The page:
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University of Iowa Football

Media Conference
Tuesday, October 13, 2015

Kirk Ferentz
COACH FERENTZ: A couple words about Tyler (Sash).
We all learned about the medical examiner's report this
morning, and you know, obviously regarding his death,
his passing has been a very, very sad thing and our
thoughts continue to his family and all of his friends.
Very sorry to learn about the news there.
I know Steve updated you on the ticket situation, and in
reference to that, just want to again say what a great
crowd it was Saturday. We had a great homecoming
crowd. And for our four games, the environment on the
field has been fantastic.
So we are appreciative of our fans. Just really
appreciate their support. They have been great on the
road, at home. And hopefully we'll continue to be
supported as we go along and looking forward to a
good contingent up there in Chicago for this game.
Referencing last weekend's game, certainly it was
great for the fans to be able to witness such a special
performance by Jordan, he did just a fantastic job. I
think that's a neat side game there.
Going back to last week, hard fought win, hard fought
Big Ten win, and we expected that going in. As I said
Tuesday, Illinois is a much improved football team on
both sides of the football, especially up front. I think
Coach Cubit has done a great job with that team and
they played extremely hard the other day. There was
nothing easy about that.
At this point we are really happy to be 4-0 in Kinnick.
That's certainly something that is important to us, and
right along with that, we have had four games that have
basically gone down to the last possession or next to
last possession. I think that's something, two areas
that we didn't maybe fulfill our expectations last year,
our goals.
So we're off to a good start. We still have a lot of
football ahead of us, we know that. But those were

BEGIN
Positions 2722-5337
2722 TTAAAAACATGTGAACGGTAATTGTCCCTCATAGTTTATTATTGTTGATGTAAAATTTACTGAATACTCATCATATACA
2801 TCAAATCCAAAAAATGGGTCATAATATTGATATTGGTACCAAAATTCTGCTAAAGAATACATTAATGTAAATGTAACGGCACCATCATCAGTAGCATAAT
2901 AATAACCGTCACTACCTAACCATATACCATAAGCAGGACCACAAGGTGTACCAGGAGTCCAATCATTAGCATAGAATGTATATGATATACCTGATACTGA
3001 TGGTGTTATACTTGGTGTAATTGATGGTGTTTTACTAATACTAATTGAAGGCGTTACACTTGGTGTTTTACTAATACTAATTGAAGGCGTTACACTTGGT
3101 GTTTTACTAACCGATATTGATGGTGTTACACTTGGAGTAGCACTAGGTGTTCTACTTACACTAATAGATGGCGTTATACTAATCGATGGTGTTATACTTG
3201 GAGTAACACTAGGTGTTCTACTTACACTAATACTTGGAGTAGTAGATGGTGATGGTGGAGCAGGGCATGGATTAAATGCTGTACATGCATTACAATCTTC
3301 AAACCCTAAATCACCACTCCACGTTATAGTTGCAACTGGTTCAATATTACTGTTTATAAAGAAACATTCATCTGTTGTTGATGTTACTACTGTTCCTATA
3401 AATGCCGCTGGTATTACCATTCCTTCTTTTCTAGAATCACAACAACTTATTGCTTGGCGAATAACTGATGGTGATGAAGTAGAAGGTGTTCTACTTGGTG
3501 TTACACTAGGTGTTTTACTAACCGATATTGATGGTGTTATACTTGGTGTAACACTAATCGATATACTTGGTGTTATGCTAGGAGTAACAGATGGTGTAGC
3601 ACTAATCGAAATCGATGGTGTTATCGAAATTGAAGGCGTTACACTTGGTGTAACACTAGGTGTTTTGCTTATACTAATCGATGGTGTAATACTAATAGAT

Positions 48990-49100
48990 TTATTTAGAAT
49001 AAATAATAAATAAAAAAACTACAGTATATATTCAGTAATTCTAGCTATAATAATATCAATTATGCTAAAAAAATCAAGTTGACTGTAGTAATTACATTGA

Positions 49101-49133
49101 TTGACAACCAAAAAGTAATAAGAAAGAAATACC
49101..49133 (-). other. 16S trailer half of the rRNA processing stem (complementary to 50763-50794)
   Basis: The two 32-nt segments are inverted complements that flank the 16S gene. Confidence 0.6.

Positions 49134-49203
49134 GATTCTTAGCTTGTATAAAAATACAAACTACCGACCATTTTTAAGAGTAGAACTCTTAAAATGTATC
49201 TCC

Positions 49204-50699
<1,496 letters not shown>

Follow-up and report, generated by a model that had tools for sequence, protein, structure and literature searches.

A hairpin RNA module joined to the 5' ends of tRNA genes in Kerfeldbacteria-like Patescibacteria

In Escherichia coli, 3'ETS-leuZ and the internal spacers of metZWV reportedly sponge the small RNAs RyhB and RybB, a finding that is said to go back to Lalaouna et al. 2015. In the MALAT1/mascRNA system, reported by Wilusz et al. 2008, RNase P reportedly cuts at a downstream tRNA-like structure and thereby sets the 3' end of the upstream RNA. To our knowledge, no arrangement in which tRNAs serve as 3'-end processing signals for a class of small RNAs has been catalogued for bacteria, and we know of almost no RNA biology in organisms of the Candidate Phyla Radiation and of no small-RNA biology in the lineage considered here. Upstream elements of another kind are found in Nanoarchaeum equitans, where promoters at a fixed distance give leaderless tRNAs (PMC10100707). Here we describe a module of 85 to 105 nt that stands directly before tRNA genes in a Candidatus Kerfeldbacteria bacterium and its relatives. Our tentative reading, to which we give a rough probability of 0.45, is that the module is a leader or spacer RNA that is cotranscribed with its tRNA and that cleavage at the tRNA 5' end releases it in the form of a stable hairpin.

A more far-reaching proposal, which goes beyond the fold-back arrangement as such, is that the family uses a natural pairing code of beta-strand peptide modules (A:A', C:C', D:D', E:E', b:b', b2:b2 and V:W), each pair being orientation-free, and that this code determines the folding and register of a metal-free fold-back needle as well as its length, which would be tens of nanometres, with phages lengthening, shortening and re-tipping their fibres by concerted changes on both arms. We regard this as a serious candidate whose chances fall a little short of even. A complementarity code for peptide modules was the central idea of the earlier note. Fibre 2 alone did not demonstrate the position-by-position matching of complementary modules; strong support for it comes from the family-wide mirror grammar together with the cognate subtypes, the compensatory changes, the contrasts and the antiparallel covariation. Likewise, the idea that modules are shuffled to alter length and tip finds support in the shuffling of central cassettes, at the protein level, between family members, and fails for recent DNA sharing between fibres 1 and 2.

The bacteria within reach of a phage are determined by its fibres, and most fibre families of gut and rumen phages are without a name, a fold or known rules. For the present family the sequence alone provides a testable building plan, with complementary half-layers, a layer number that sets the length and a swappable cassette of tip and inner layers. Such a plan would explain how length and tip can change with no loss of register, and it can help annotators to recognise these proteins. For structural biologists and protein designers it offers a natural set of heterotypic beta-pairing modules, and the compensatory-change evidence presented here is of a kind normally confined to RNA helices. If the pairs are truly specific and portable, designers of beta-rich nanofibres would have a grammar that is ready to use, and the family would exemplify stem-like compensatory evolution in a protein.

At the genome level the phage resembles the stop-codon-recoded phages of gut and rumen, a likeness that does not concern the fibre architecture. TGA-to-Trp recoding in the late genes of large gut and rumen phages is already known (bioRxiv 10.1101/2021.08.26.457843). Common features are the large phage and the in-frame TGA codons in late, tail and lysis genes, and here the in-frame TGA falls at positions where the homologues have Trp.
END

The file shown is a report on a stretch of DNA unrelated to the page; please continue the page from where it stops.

both positive things for us and we are pleased to see
that.
And then needless to say, very, very happy for Jordan
and the recognition he's received. That's our fourth Big
Ten award player, and as all of you saw out there, he
really ran hard so just a phenomenal effort on his part

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and he's a little sore and tired right now but he'll be
ready to go.
It was a good win and now just like every other week,
we had to move on and we had to do that starting
yesterday. Captains are Drew Ott and Jordan Lomax
defensively, Austin Blythe and C.J. Beathard on the
offensive side.
Medically, four guys that didn't play, we had obviously
Boone Myers and LeShun, they were all out. We
expect them to continue to be out. Ike Boettger had to
leave the game, and we are not optimistic he'll be
playing.
And then last night, unfortunately it was confirmed after
he went for tests that Drew did tear his ACL. So he's
going to be done here. It was a great win for us, but
the worst part about coaching football is dealing with
injuries.
I've said this many times, but we get firsthand exposure
to just how hard these players work on a year round
basis, and they are doing it to have 12 opportunities.
That's about all anybody's guaranteed as a college
football player, so they work extremely hard to have